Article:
Pre-empting funders' questions in your funding application can help give them confidence in your organisation. Conchita Garcia talks through four potential areas of concern for funders - and how charities can address them.
When competing for precious funding, how can charity give itself the best possible chance of making a good impression, and make every application count? Well, one way is to anticipate some of the questions funders may have about your organisation, project or finances, and address these directly in advance. This article highlights four key areas with which many charities struggle in their applications, and gives some tips on how best to handle these.
New programme/organisation or untested activities
If you are a relatively new charity, or you're starting to run a new project, it can be hard to provide evidence that you know your work will be a success if you don't have the track record to prove it. This can be especially tricky if you're a small charity that the funder may not have heard of.
While many trusts and foundations are willing to take a risk on funding new or innovative work; you'll still need to be able to eliminate any questions they may have on your ability to deliver.
One of the easiest ways to do this is to show them your business plan, or the model on which your programme is based, and explain why you believe it will work. You'll also need to show why your charity is the right organisation to carry out these activities, and what experience your staff or volunteers have to support the delivery of the outcomes.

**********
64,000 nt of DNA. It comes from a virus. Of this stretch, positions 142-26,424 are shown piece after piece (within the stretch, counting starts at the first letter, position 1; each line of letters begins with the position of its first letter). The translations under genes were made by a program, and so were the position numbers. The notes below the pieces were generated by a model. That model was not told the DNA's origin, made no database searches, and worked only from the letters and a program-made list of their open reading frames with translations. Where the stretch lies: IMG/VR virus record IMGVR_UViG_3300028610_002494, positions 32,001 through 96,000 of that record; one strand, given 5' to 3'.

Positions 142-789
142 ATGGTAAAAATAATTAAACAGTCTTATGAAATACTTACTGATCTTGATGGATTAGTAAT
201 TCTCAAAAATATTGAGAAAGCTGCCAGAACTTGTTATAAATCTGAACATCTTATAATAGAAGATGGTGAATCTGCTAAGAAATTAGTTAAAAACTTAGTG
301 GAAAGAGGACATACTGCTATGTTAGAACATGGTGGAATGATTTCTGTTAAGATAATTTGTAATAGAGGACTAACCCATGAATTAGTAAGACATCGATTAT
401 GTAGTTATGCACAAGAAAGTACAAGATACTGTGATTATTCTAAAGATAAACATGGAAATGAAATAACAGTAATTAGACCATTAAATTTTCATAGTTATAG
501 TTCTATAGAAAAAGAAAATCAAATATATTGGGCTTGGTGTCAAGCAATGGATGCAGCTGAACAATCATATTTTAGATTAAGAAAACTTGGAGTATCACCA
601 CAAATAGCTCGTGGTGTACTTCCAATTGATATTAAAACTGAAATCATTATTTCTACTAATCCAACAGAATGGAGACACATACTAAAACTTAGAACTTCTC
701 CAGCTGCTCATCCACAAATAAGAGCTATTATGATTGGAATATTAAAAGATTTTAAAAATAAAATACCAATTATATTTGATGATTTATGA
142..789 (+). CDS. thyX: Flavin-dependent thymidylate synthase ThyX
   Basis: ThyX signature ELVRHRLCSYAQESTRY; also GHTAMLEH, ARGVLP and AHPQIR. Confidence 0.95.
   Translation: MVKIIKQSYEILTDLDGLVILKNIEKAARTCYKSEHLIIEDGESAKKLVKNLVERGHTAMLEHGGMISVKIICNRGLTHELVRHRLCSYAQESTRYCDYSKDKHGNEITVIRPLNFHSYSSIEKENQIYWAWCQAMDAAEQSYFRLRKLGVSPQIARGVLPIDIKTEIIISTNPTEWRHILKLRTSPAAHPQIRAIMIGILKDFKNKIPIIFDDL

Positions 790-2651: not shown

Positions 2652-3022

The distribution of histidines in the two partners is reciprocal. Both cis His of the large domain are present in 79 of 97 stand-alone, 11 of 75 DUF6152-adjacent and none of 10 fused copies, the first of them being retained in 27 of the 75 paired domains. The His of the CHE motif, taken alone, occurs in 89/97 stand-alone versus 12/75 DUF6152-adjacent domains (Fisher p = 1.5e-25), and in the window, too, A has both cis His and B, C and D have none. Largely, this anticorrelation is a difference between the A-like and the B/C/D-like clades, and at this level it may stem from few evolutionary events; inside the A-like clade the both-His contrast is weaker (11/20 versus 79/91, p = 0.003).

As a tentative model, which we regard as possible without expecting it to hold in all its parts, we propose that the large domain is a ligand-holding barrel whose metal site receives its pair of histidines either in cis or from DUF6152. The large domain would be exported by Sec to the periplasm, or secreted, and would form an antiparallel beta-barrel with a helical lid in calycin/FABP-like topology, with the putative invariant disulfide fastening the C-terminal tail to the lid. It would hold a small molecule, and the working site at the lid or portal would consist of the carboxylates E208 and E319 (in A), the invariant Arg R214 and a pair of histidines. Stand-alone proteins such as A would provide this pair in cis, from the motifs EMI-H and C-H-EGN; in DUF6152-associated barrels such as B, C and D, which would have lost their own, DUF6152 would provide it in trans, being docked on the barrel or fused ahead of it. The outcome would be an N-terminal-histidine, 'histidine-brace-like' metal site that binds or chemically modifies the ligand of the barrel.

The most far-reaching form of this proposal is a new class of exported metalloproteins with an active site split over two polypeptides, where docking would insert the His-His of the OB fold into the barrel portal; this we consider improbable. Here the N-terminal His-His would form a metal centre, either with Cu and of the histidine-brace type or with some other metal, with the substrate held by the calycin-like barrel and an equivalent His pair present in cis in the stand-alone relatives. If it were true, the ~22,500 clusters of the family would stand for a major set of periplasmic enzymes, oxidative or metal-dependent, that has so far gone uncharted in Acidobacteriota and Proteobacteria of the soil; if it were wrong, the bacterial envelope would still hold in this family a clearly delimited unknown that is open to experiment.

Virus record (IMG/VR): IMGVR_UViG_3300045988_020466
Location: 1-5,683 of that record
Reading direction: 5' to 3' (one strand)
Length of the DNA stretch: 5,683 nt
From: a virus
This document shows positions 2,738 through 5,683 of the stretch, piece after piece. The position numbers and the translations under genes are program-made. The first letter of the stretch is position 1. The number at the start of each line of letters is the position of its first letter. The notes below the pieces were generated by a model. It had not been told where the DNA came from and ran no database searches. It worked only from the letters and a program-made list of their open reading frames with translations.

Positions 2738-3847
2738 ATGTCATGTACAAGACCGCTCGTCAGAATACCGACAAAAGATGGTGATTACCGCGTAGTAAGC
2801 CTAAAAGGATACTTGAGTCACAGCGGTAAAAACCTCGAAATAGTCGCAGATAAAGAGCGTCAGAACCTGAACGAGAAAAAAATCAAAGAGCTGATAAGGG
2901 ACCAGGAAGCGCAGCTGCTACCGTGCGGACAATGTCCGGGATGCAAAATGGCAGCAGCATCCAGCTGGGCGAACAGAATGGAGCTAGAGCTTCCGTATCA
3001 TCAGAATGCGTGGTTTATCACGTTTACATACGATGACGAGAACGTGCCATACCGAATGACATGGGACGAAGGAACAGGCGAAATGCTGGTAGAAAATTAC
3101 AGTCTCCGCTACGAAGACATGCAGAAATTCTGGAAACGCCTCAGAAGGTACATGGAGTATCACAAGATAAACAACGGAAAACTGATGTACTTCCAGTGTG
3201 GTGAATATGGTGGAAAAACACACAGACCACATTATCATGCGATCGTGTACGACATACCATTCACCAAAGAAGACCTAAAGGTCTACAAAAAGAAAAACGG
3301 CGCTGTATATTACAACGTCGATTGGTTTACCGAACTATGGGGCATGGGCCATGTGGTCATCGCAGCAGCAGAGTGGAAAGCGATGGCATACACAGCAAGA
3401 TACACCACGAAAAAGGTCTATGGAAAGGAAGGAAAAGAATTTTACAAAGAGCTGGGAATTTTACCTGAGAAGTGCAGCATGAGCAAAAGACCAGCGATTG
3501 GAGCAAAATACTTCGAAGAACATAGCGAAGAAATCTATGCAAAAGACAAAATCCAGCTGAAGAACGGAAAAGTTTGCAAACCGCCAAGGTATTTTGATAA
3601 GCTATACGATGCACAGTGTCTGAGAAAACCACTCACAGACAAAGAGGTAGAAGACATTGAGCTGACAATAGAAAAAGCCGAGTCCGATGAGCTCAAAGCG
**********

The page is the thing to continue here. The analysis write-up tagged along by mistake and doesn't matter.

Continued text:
Let them see that you have in place, or have a plan to put in place, a comprehensive monitoring and evaluation system, before the programme is underway, which will be able to capture the impact of your work. This will allow you to assess the effectiveness of your programme and whether improvements are required, as well as providing you with a wealth of information to evidence your impact in future bids.
Your accounts may be showing what look like large reserves, which may not be in line with your reserves policy. If this is the case you should explain why - before the question is raised - and why you are therefore not using the reserves to run the projects you are requesting funding for.
If you are unable to explain the level of reserves your charity has, then you will need to think about releasing these reserve funds to run your services, as many funders will refuse your requests if they feel you already have the funds needed.
On the other hand, if you have not met your reserves policy, i.e. you do not have the specific level required as set out within your accounts/policy, you will need to explain why this is the case, and show that this is something you are actively working towards. Otherwise it can raise questions on the governance of your charity and potential risks around insolvency or other financial difficulties.
If your charity is in a deficit, this is another potential reason why a funder may question the financial security of the charity. Again, this is something that you should explain in advance - including the reason for the deficit and the plans you have in place to eliminate it.
Over-reliance on one source of funding
If you are over-reliant on one source of funding, then your sustainability may be brought into question. If this funding happened to be cut, your organisation would be vulnerable - and therefore you will need to show the funder that you are aware of this vulnerability, and that you have a plan in place to move away from the over-reliance.
This can be done by developing a mixed income economy, whereby you raise funds from a range of different sources, and/or take steps to secure funding from a mixture of raised voluntary income, statutory income and earned income.
For more information on best practise in applying to trusts and foundations or further fundraising support, the FSI delivers free training for charities with a turnover under £1.5m.